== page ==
My last word on the European referendum

When you consult the people who have done serious research on what the results of a Brexit will be — politicians, civill servants, economists — they overwhelmingly say that the evidence points to it harming both Britain and the rest of Europe. They are not unanimous, but the majority is huge (Evidence below.)

What the Leave campaign has in response to this is Michael Gove’s line “We’ve had enough of experts”. So it comes down to this: for the 99% of us who don’t realistically know enough about economics or politics to have any idea what the result of Brexit would be, are we going to trust experts? Or someone who explicitly does not trust them?

Even if your heart says Leave, your brain should be telling you Remain.


Appendix: some evidence

Ipsos MORI conducted an online survey of members of the Royal Economic Society and the Society of Business Economists. 88% thought it most likely that real GDP would be negatively impacted in the next 5 years, if the UK left the EU and the single market. 4% thought GDP would be positively impacted over the same time period.


4 responses to “My last word on the European referendum

  1. I don’t think there’s anybody on either side who would disagree that leaving the EU would cause significant disruption over the short term.

    And I think it’s pretty clear that the ability of the experts to predict much of anything other than the short term is almost nil.

    25 years ago, the Soviet Union collapsed. There was quite a bit of chaos as a result. In 1994, Poland was in a recession, and Tom Brokaw proclaimed “It appears that Poland’s experiment with free markets has failed” – two years after the fall of the wall.

    Looking back on it now, Poland is a clear economic success,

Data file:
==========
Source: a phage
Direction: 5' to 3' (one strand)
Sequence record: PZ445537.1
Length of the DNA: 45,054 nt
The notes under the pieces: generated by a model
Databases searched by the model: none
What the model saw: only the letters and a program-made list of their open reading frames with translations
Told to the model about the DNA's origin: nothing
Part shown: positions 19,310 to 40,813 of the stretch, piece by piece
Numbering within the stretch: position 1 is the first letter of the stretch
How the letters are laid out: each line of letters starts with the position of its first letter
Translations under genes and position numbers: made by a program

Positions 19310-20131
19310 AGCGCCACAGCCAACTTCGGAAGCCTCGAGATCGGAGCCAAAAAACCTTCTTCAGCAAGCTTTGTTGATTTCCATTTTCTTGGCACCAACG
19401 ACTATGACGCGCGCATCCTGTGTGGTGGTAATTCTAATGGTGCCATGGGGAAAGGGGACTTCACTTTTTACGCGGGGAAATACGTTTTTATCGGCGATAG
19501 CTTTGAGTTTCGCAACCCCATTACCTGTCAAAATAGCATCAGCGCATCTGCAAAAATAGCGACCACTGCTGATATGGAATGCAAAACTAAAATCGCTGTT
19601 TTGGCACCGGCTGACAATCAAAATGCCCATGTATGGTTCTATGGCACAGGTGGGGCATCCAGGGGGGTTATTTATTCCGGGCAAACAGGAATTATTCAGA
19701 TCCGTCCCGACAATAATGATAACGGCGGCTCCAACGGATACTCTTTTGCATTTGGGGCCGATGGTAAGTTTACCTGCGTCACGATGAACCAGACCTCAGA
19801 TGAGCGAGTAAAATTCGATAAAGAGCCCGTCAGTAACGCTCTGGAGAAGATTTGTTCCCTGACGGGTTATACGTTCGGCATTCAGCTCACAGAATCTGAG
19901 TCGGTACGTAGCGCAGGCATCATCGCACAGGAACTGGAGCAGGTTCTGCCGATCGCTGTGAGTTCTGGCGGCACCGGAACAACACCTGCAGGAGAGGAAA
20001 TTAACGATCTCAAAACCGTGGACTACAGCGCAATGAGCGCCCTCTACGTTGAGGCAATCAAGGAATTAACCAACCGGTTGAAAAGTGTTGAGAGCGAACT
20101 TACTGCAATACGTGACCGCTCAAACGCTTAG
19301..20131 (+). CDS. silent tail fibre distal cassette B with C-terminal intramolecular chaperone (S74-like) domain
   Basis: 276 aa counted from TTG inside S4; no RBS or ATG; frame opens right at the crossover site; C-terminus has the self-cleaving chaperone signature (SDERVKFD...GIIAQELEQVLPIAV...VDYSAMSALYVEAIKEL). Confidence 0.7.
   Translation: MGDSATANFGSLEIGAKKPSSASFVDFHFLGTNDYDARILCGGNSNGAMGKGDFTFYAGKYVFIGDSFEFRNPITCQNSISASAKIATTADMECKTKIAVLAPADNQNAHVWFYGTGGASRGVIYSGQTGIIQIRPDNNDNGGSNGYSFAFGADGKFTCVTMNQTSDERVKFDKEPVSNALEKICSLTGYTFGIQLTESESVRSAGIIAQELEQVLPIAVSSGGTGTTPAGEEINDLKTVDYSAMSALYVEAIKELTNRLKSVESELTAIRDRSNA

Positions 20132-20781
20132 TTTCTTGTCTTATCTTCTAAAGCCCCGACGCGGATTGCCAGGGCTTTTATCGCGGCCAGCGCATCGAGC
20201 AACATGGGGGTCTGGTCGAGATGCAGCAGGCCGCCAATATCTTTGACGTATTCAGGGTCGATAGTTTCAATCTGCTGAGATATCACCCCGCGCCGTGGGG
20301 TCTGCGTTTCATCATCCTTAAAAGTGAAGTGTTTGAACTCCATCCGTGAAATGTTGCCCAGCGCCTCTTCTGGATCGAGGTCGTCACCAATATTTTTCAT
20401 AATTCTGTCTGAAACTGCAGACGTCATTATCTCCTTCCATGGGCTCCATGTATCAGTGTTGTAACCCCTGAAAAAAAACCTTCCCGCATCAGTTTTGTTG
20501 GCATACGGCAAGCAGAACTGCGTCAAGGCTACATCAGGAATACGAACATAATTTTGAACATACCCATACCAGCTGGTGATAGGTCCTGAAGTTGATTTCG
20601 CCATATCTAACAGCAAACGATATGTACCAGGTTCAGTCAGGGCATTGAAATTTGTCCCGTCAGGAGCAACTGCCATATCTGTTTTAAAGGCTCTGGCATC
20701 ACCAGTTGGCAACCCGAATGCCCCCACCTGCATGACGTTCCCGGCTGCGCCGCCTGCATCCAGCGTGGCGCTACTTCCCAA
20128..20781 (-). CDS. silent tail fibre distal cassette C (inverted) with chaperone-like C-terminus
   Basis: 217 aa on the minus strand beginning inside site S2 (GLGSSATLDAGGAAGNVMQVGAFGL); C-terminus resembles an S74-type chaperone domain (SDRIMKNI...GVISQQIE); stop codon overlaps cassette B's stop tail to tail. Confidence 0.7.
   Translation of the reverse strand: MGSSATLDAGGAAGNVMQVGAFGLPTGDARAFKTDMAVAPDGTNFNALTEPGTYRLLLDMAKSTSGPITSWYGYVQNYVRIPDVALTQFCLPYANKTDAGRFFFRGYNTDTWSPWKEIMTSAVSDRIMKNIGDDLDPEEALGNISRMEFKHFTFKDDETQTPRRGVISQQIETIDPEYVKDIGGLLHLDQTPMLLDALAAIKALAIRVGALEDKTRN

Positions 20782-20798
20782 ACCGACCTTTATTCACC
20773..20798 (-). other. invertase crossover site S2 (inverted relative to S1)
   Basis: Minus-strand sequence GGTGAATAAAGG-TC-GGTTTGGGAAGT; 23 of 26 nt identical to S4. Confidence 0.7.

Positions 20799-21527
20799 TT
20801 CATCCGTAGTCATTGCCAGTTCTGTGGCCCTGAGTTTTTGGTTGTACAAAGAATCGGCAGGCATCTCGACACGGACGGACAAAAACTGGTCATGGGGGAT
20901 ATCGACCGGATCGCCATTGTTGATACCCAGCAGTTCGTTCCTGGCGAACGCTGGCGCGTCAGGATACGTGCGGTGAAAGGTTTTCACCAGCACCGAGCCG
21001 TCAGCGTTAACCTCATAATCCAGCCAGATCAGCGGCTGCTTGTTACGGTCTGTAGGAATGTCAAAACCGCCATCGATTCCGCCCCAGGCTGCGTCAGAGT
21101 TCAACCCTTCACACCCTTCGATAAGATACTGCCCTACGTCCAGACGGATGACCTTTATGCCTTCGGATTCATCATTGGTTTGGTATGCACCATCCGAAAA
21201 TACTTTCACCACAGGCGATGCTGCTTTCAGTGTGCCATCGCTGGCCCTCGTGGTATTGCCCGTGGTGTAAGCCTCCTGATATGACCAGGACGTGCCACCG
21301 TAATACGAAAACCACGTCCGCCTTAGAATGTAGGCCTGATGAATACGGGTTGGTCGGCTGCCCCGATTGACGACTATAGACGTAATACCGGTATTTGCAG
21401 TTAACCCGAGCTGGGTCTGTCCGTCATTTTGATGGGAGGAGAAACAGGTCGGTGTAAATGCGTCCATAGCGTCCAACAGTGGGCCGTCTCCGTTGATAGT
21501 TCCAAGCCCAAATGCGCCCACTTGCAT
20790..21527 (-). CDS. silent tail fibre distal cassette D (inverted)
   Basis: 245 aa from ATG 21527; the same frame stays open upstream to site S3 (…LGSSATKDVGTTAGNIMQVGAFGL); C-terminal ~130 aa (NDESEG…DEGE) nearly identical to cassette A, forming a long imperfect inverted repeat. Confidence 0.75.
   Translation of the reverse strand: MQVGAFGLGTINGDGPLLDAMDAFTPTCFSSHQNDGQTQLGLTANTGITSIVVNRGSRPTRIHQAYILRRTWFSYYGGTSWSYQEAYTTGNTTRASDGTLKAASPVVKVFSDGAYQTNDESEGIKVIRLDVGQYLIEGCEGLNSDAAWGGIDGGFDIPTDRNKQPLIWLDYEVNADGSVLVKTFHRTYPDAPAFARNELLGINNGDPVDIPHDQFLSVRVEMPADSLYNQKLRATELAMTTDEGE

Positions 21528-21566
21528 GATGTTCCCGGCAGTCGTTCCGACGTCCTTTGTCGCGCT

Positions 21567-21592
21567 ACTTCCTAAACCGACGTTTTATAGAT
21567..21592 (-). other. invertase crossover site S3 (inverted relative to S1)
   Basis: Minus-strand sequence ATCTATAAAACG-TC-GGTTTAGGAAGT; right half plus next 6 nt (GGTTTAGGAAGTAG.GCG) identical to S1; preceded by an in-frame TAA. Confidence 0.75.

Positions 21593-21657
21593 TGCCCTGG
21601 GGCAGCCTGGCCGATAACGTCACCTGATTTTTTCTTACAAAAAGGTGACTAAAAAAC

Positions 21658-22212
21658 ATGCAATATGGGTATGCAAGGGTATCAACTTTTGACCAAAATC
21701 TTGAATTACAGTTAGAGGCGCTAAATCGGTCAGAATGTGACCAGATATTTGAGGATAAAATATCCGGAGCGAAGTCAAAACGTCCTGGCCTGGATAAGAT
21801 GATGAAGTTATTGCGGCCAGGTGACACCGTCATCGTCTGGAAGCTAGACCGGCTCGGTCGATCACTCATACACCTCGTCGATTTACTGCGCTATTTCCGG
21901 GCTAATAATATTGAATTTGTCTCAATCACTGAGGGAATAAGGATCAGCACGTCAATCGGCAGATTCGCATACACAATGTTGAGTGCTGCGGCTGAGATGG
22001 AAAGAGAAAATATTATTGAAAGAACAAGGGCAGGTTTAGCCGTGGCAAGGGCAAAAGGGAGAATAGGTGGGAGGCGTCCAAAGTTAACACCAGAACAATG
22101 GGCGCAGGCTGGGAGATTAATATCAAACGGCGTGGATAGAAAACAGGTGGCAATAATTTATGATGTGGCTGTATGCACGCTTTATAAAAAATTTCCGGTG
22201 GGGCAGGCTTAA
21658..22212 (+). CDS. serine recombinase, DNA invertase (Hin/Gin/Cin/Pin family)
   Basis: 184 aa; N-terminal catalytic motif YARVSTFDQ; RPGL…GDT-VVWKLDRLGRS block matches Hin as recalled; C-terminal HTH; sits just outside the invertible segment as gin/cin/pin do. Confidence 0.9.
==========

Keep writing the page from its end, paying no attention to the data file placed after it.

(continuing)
The question isn’t what will be the best for the UK, over the next five years, but what will be best for the UK over the long term.

  2. I’ve been watching the Brexit results. In England and Wales, it wasn’t even close. I sort of expected a close vote to remain, but then, I live in the States so I don’t have much of a clue.

    When Franklin Roosevelt declared a bank holiday back in 1933, economists and pundits declared doom. (That was an open ended government mandated shutdown of all banks in the nation, not what you guys in the UK call a bank holiday.) Of course, even back then there a few sensible people: “Do you think,” asked Professor Robinson, “that when the banks all close people will climb trees and throw coconuts at each other?”

    Robinson actually expected most people to feel a sense of relief. A lot of what happens after the Brexit depends on what people make of it. It doesn’t have to belong to the goons and clowns.

  3. David Brain

    I tend to think that Cameron was gambling on a close vote to Remain too; that would have given him an incredibly strong hand in forcing renegotiation and perhaps a whole new treaty.
    Unfortunately, it’s ended up in the worst of all worlds where no-one is particularly happy (except, perhaps, our new PM-in-waiting, Boris Johnson. And he’s only happy for himself.)

  4. I think that, when he promised a referendum in his manifesto for the last election, Cameron was banking on the Tories once more not getting an overall majority, and going into another coalition with the Liberal Democrats. Then he could have relied on the LDs to block a destructive referendum, while still appearing to the Tory base to have done what they wanted.

    Basically, he screwed up at every singe stage of his strategy — made the wrong gamble at every point — and now seven billion people will have to pay for his little private game with Boris Johnson.

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